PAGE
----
Lambrecht says one reason is sports teams and franchises are often owned by families and most of the jobs go to those with family connections.

"It has been tough to break into, but we are seeing less and less of that," Lambrecht says.

The same was seen with ex-athletes being hired. While they know the sport and are a fan draw, that doesn't make them good employees in the office.

"Just because you can dribble a basketball or hit a baseball doesn't mean you are good at business," Lambrecht says.

Despite that the industry is responding and happy to see sports enthusiasts who have knowledge of the business side.

Many organizations are saying they need specialized people to help them grow in areas of sales and marketing, promotions and sponsorships.

In the sports world, which is still made up of old school politics and red tape, Shin says it may be difficult to break through or get others to appreciate the value of an MBA. He says in the sports industry there seems to be a stigma that hasn't lifted yet that goes with an MBA.

"But there is a lot of money in the industry," Shin says adding eventually more people in the business will recognize the value of having someone with the right qualifications within the business.

While Shin says he realizes students with a sports focused MBA tend to wait longer to be recruited and may make less money initially, he hopes the industry doesn't make it easy for people to break into. He says there are so many people with a sports interest that if the bar is lowered the industry will suffer.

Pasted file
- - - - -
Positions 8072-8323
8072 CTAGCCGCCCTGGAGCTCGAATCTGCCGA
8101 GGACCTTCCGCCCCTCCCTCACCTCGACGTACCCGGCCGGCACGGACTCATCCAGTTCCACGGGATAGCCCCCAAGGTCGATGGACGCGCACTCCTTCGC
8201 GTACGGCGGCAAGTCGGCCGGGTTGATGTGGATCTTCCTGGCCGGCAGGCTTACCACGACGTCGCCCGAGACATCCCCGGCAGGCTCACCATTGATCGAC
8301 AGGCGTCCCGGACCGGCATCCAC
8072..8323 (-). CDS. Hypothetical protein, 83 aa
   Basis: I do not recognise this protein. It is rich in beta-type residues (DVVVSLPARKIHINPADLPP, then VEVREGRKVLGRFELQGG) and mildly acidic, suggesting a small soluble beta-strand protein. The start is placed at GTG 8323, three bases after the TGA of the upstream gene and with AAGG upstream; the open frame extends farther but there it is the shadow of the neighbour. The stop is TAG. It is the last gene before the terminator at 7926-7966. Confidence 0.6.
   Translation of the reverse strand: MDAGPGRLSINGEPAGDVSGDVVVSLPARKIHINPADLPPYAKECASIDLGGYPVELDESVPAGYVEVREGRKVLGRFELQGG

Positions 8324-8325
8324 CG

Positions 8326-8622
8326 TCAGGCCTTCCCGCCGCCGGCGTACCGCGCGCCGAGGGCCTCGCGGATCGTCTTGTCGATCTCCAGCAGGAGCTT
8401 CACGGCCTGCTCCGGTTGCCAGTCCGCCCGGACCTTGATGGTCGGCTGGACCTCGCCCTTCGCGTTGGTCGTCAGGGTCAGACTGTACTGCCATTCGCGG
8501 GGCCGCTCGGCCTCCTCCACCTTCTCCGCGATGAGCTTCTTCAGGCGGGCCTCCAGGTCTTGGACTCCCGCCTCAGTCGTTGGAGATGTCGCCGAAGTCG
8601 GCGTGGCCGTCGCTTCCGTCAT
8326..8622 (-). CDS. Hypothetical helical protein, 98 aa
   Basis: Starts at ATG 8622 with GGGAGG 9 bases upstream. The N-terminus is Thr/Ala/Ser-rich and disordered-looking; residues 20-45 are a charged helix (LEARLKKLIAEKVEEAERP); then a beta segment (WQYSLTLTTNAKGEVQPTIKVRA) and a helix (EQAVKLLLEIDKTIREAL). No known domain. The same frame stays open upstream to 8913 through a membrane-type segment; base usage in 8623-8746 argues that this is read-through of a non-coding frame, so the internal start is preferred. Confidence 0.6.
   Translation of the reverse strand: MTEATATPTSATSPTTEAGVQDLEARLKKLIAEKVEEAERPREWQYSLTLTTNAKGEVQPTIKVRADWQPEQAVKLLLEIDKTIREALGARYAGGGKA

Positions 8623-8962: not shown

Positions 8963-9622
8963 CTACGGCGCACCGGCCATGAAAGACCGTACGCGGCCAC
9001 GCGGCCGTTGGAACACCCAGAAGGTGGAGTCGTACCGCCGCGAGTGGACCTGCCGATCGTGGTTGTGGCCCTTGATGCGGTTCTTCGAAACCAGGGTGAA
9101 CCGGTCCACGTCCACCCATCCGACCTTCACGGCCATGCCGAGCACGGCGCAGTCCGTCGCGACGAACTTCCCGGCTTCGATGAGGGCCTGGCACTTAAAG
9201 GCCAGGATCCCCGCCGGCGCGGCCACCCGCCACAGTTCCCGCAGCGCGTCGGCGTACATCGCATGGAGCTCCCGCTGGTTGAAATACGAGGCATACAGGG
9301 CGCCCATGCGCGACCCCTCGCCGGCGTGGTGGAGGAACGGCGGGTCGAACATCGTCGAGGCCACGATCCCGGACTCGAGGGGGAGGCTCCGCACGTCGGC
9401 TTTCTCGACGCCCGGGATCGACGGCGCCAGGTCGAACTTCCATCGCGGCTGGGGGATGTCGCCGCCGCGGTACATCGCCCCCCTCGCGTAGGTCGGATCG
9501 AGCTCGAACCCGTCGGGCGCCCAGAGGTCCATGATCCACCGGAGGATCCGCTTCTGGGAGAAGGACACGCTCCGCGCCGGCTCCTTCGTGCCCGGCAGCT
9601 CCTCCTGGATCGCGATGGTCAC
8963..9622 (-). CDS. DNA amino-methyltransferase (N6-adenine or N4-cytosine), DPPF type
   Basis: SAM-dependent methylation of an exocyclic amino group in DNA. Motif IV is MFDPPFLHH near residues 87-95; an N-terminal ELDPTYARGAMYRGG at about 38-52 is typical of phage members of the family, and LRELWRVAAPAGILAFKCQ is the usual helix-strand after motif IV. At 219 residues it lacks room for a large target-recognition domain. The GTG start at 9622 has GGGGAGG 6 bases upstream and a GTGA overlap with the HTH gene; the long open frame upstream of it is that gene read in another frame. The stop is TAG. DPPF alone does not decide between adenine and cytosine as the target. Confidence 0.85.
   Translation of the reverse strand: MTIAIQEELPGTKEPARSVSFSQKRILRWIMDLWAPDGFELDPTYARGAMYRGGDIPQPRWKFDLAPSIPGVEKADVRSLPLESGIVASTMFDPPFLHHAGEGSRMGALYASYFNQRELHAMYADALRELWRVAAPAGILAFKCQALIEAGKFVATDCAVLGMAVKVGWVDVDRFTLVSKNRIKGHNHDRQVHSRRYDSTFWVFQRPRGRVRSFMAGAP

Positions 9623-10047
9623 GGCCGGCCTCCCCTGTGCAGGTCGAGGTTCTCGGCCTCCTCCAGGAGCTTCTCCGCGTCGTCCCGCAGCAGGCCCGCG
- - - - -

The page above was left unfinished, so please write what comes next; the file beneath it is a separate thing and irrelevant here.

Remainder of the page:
"I hope there continues to be a system in place that weeds those people out," he says.

While the dream may be to work for a major professional sports club, Lambrecht says there are many other jobs available including minor league teams, sports agents, marketing firms, and corporations with a sporting division including places like Disney.

Because Chicago is such a major sports town with 44 sporting teams, the National Sporting Goods Association, Wilson Sporting Goods and more, the "opportunities here in Chicago are endless," Lambrecht says.

Employers, he says, are happy to see students more prepared to deal with the day-to-day management, understanding the business side and not being star-struck.